Gambling Harm Prevention
Since the Ethnic Communities Council of Victoria’s 2014 community forum Let’s Talk about Gambling in Multicultural Communities, the number of stories of gambling addiction and harm reaching the ECCV reinforces that gambling harm has become a serious public health issue.
While minor gaming and leisure, play a role in the cultural fabric of Australians. ECCV clearly distinguishes between large commercial gambling operators, addictive poker machine technology, and minor gaming.
The Gambling Regulation Act 2003 (Vic) (the Act) allows not for profit organisations to fundraise using bingo and raffles events at schools and community fetes.
The Ethnic Communities’ Council of Victoria (ECCV) appreciate the pressures facing both governments and communities when addressing the devastating costs of gambling harm including the loss of homes, family breakdown and most tragically, the loss of lives.
Victorians have lost $2.6 billion gambling at the ‘pokies’ – or $7,149,397 every day – from 2016 to 2017. They have also lost a total of $50 billion in total gambling over the past 25 years.
The Victorian Government passed the Gambling Regulation Amendment (Gaming Machine Arrangements) Bill 2017 (Vic) (the Bill) on the 30 November 2017. This extends the licenses for gambling machines for another 20 years until August 2042.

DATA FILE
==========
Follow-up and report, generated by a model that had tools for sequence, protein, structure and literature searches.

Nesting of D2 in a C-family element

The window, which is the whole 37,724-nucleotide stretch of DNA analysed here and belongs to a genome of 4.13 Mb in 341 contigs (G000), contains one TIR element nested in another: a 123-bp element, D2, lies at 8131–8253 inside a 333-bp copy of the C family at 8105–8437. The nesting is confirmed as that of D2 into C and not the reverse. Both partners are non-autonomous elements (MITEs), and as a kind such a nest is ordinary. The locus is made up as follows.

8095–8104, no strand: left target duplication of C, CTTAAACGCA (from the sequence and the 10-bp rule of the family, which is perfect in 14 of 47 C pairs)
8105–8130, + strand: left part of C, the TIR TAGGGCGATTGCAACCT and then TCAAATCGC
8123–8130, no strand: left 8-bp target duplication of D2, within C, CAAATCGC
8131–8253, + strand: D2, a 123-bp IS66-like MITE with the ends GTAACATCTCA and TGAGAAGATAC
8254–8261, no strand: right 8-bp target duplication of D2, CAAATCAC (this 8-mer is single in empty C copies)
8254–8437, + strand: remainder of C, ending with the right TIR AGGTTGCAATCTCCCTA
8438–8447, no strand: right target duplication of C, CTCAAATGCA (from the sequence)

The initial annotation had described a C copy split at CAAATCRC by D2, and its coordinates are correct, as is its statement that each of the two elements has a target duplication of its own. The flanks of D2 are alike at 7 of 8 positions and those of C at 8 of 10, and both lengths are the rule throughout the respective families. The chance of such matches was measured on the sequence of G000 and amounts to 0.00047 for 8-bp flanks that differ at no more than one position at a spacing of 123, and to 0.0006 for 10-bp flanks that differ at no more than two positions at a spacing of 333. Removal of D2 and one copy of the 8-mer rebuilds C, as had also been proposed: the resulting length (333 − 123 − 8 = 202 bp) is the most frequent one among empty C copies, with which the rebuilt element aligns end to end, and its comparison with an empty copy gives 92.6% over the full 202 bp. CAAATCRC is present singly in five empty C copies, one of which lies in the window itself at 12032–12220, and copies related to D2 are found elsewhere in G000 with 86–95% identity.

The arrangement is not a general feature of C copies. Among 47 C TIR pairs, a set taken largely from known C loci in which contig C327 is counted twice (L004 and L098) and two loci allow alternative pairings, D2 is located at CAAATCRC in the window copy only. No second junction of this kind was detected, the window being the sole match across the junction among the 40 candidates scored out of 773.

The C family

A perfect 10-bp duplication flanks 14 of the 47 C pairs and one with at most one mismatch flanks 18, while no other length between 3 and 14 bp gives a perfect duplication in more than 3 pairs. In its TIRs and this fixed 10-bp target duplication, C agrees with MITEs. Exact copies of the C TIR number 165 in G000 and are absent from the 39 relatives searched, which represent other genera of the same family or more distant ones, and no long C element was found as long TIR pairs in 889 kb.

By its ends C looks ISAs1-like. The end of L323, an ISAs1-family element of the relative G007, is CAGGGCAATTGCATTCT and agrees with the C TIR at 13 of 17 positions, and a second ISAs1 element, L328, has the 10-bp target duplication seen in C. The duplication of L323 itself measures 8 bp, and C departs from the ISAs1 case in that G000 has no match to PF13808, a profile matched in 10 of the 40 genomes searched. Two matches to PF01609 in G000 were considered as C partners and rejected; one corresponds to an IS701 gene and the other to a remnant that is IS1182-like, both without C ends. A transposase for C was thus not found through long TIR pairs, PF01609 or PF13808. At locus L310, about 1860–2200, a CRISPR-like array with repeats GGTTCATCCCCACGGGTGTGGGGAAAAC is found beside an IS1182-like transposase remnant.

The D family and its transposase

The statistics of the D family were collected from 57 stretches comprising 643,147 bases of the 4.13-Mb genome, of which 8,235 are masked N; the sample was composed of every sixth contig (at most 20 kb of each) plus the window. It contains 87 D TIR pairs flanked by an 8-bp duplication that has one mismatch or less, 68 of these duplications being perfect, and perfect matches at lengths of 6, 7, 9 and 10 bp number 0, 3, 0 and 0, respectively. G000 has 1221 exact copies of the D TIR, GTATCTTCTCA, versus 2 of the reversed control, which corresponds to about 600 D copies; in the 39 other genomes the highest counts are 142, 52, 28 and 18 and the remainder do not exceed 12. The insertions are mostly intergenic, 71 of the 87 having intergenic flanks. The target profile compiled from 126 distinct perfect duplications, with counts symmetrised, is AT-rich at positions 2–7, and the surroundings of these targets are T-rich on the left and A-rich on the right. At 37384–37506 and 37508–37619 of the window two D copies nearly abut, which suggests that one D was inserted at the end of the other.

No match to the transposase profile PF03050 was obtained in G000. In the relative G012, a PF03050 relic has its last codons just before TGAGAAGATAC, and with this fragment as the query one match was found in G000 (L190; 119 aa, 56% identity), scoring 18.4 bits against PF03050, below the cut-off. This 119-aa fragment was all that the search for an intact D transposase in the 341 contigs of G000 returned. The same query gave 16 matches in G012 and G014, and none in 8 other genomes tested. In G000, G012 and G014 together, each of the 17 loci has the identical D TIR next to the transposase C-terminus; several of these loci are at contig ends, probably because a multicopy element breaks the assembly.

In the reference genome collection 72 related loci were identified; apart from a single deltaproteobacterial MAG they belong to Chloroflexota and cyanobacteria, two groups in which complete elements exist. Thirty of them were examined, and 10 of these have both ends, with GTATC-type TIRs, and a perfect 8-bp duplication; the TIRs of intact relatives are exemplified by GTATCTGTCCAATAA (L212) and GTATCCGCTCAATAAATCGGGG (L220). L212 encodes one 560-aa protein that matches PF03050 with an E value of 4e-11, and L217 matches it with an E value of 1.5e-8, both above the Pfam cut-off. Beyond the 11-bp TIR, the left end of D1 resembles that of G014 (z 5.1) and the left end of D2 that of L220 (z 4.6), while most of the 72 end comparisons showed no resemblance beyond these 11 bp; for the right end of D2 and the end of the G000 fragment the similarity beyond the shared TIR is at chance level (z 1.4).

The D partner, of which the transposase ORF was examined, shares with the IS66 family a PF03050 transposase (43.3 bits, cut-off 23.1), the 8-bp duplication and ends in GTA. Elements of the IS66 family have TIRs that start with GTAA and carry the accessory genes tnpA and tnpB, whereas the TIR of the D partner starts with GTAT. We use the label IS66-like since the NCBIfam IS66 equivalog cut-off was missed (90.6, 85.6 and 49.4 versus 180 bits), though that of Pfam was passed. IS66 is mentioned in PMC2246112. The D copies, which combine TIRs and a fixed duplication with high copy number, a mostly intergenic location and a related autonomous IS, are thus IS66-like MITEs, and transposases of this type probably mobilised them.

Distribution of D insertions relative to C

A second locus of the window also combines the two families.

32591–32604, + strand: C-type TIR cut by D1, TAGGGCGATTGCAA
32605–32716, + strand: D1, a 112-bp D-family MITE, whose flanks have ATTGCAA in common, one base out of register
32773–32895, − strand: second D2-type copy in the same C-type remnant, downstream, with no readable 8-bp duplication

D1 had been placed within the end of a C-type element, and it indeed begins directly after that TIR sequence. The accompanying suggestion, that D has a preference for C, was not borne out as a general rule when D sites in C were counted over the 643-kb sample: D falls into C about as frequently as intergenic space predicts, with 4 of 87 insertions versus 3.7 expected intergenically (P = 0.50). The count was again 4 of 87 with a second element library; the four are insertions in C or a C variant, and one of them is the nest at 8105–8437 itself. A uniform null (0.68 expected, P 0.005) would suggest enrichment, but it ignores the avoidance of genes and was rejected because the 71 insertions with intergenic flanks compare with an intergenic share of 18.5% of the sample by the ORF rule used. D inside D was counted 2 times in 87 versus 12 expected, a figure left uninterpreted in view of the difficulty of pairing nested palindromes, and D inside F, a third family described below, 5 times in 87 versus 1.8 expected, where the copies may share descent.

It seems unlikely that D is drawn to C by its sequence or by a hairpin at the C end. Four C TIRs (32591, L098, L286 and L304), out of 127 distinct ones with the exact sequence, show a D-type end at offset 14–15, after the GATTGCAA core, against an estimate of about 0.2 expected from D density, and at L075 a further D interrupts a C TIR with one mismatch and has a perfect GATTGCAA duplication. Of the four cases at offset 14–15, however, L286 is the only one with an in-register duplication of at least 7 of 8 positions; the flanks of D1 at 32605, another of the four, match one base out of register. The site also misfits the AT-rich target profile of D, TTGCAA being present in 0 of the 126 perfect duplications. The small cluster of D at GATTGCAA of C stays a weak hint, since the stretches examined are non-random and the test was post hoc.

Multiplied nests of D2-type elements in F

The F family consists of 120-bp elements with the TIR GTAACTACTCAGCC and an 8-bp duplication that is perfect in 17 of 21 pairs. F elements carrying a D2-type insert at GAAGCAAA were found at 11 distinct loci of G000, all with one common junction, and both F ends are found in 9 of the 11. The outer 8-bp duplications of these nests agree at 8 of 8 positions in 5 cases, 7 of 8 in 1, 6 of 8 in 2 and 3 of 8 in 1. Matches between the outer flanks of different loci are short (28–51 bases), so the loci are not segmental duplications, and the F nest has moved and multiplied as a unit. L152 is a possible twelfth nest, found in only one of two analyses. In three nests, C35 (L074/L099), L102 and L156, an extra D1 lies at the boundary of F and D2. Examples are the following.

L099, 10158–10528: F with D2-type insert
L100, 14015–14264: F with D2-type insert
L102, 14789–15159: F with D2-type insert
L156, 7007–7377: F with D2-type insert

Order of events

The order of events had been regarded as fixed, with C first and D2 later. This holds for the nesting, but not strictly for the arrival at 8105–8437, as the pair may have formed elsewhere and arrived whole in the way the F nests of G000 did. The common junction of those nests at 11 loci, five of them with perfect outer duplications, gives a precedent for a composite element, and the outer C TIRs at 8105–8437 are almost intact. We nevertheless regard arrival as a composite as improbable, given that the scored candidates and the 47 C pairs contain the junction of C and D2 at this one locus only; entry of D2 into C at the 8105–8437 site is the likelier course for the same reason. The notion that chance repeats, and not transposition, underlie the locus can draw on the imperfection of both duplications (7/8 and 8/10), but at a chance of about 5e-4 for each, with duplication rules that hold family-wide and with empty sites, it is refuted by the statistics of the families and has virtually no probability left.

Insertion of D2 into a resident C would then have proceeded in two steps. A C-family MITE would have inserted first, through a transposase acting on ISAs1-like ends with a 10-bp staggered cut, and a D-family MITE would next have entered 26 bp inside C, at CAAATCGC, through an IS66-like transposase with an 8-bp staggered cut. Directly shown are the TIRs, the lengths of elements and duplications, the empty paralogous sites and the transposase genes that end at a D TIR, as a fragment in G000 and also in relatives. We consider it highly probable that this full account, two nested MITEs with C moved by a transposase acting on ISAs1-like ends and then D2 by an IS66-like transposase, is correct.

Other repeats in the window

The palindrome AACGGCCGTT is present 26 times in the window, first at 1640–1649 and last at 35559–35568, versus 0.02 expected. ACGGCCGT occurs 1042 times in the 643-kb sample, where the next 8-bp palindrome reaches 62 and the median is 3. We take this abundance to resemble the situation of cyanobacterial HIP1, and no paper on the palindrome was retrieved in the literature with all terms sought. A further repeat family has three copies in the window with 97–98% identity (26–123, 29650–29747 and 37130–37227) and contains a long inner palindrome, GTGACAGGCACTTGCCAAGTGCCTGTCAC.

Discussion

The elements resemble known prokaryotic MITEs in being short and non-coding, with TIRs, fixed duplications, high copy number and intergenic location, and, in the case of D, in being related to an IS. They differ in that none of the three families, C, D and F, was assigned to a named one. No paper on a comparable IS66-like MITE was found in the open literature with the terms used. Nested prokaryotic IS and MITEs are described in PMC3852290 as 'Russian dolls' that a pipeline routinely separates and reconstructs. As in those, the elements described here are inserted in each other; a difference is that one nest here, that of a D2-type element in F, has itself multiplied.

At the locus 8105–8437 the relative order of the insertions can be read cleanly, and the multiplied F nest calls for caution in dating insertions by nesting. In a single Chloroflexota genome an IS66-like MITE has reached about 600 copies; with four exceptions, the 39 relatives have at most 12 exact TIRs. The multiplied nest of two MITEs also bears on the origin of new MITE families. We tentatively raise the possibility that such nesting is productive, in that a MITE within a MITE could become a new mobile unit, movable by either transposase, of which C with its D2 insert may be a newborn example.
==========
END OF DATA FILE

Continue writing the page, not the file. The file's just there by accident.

Gambling Prevention Project
ECCV is currently funded by the Victorian Responsible Gambling Foundation (VRGF) to conduct a two-year Gambling Prevention Project: which will proactively raise awareness of gambling harm among culturally diverse communities.
The project will facilitate:
- discussions with experts and community leaders
- gather evidence about the impact of gambling harm on culturally and linguistically diverse ethnic communities
- promote safe recreation messages in local ethnic media
- promote local support for communities and
- co-design information and messages about gambling harm with ethno-specific leaders
Staff Contact: Lyn Dundon, Gambling Harm Prevention Project Coordinator
Telephone: (03) 9354 9555
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We are proud to recognise the Wurundjeri people of the Kulin nation, as the first Australians, cultural leaders and traditional custodians of the land from which we advocate for ethnic community groups. We pay our respects to their elders, past & present.